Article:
- Listening and communication skills between players and coaches are developed¹. Although in a business context, Covey (1989) highlights the importance of these skills ‘Seek First to Understand, Then to Be Understood.’ Individuals no longer rely solely on their own voice, but make decisions collaboratively and effectively. Developing effective ways of working towards shared goals requires respect for one another’s strengths, support and encouragement of team-mates, as well as an openness for players and coaches to share ideas. Bill Walsh a former coach of the San Francisco 49ers often solicited ideas and input from his players during and after games.
- Team sports and events require patience, persistence and practice. It’s not about practicing alone, but showing up and working together to figure out team dynamics, best fits, and strategizing together. Individuals are taught the value of patience and persistence, when practice and effort are rewarded.
- Team sports and events allow individuals to socialize and build camaraderie with others that they may compete against in other circumstances. For juniors these are essential life lessons that enable them to prosper in all environments as they develop through life – ‘a competitor is not necessarily your foe’.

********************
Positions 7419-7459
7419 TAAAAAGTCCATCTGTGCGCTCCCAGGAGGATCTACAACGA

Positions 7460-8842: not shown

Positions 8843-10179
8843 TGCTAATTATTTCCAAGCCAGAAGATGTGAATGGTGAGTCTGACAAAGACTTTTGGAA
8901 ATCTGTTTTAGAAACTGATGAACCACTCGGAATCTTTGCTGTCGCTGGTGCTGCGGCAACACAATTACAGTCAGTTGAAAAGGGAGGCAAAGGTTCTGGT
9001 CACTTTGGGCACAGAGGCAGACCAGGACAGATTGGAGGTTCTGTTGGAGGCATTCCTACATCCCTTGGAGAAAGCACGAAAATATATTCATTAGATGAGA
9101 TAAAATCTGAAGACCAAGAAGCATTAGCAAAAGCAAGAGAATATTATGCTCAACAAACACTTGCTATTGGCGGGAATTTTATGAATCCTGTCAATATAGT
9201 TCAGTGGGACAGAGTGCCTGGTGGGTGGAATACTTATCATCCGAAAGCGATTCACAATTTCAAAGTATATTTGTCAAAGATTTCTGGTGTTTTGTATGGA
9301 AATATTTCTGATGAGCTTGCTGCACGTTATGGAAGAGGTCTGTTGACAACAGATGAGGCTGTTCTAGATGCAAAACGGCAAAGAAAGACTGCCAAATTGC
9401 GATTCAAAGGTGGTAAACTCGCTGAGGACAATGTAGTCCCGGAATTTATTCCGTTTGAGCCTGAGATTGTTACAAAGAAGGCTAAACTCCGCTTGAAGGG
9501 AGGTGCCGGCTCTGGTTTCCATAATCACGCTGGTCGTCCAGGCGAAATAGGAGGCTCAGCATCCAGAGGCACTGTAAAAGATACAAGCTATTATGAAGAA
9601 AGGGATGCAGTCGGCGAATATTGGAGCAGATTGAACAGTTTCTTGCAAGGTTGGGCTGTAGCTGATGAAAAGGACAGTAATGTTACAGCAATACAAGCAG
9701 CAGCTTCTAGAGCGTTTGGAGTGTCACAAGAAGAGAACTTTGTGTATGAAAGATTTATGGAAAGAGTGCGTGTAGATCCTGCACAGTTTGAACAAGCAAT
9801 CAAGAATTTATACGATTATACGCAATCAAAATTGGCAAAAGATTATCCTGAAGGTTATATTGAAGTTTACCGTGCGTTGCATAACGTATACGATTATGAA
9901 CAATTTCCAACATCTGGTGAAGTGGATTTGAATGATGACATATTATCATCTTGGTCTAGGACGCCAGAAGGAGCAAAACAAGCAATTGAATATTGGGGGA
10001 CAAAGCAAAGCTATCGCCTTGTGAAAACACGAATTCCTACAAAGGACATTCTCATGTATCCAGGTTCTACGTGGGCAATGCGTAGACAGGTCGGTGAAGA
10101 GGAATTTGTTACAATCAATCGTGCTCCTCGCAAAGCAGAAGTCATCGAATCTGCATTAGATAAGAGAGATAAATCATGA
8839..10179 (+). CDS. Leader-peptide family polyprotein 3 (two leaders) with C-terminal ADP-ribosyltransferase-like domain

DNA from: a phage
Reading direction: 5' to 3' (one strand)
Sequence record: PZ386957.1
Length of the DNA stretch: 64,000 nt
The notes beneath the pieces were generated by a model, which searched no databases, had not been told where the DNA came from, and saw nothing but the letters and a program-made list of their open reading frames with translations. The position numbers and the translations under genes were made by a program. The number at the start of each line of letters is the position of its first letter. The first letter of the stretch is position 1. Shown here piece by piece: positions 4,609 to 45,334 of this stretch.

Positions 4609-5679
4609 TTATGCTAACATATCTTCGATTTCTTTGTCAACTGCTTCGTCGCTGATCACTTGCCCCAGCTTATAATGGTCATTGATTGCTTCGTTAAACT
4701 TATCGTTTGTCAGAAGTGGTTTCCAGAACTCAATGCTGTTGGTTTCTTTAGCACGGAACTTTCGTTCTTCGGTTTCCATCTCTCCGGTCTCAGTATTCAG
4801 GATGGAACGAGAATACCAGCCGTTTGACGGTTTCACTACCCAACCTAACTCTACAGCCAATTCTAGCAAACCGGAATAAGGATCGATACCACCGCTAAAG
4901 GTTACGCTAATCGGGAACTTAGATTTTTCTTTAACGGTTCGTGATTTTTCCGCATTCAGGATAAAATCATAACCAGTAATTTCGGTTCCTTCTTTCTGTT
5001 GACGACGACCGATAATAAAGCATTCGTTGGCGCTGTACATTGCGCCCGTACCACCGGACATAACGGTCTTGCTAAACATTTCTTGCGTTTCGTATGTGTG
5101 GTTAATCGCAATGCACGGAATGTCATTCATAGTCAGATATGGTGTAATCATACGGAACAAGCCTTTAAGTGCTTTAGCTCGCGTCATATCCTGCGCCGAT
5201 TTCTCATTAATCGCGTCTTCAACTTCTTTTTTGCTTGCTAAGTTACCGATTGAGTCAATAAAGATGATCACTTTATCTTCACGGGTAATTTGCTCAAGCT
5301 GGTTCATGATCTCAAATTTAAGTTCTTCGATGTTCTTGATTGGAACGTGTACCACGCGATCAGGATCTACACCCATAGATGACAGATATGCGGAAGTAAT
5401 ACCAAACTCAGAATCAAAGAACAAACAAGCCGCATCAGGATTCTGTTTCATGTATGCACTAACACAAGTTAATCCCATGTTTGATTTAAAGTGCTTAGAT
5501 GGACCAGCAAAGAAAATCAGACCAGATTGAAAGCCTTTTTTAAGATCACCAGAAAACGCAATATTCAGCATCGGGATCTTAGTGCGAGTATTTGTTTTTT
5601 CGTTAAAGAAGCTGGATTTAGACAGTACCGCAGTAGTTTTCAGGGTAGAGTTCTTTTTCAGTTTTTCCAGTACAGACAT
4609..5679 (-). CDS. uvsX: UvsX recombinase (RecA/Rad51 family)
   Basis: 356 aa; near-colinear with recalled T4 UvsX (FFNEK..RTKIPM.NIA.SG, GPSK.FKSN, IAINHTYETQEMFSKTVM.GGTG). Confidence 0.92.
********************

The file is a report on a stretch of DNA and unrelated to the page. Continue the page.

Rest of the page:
- Cultural barriers can be dismantled through team sport. Finding ways to adjust and work with others who may have different expressions, values and habits are essential life lessons.
- Leadership skills are developed in team environments. Through mutual accountability, individuals develop responsibility and take ownership of their role, whilst advocating their ideas and soliciting others input.
- Team environments are self-esteem boosters, and ego moderators. Some young athletes not previously exposed to group environments learn to recognise the strengths of others, whilst those who lack confidence develop self-esteem by a process of scaffolding through coach and peer relationships, positive reinforcement and appropriate constructive learning.
I leave you with a quote from Phil Jackson, President of New York Knicks, whose work as a coach and leader has centred on building successful teams.
‘The strength of the team is each individual member. The strength of each member is the team.’
Yukelson, D. (1997). Principles of effective team building interventions in sport: A direct services approach at Penn State University. Journal of Applied Sport Psychology, 9 (1).
Covey, S. (1989). The even habits of highly effective people. New York: Fireside.
“Shameema Yousuf is Founder/Sport Psychology Consultant of Empower2Perform (www.empower2perform.com)”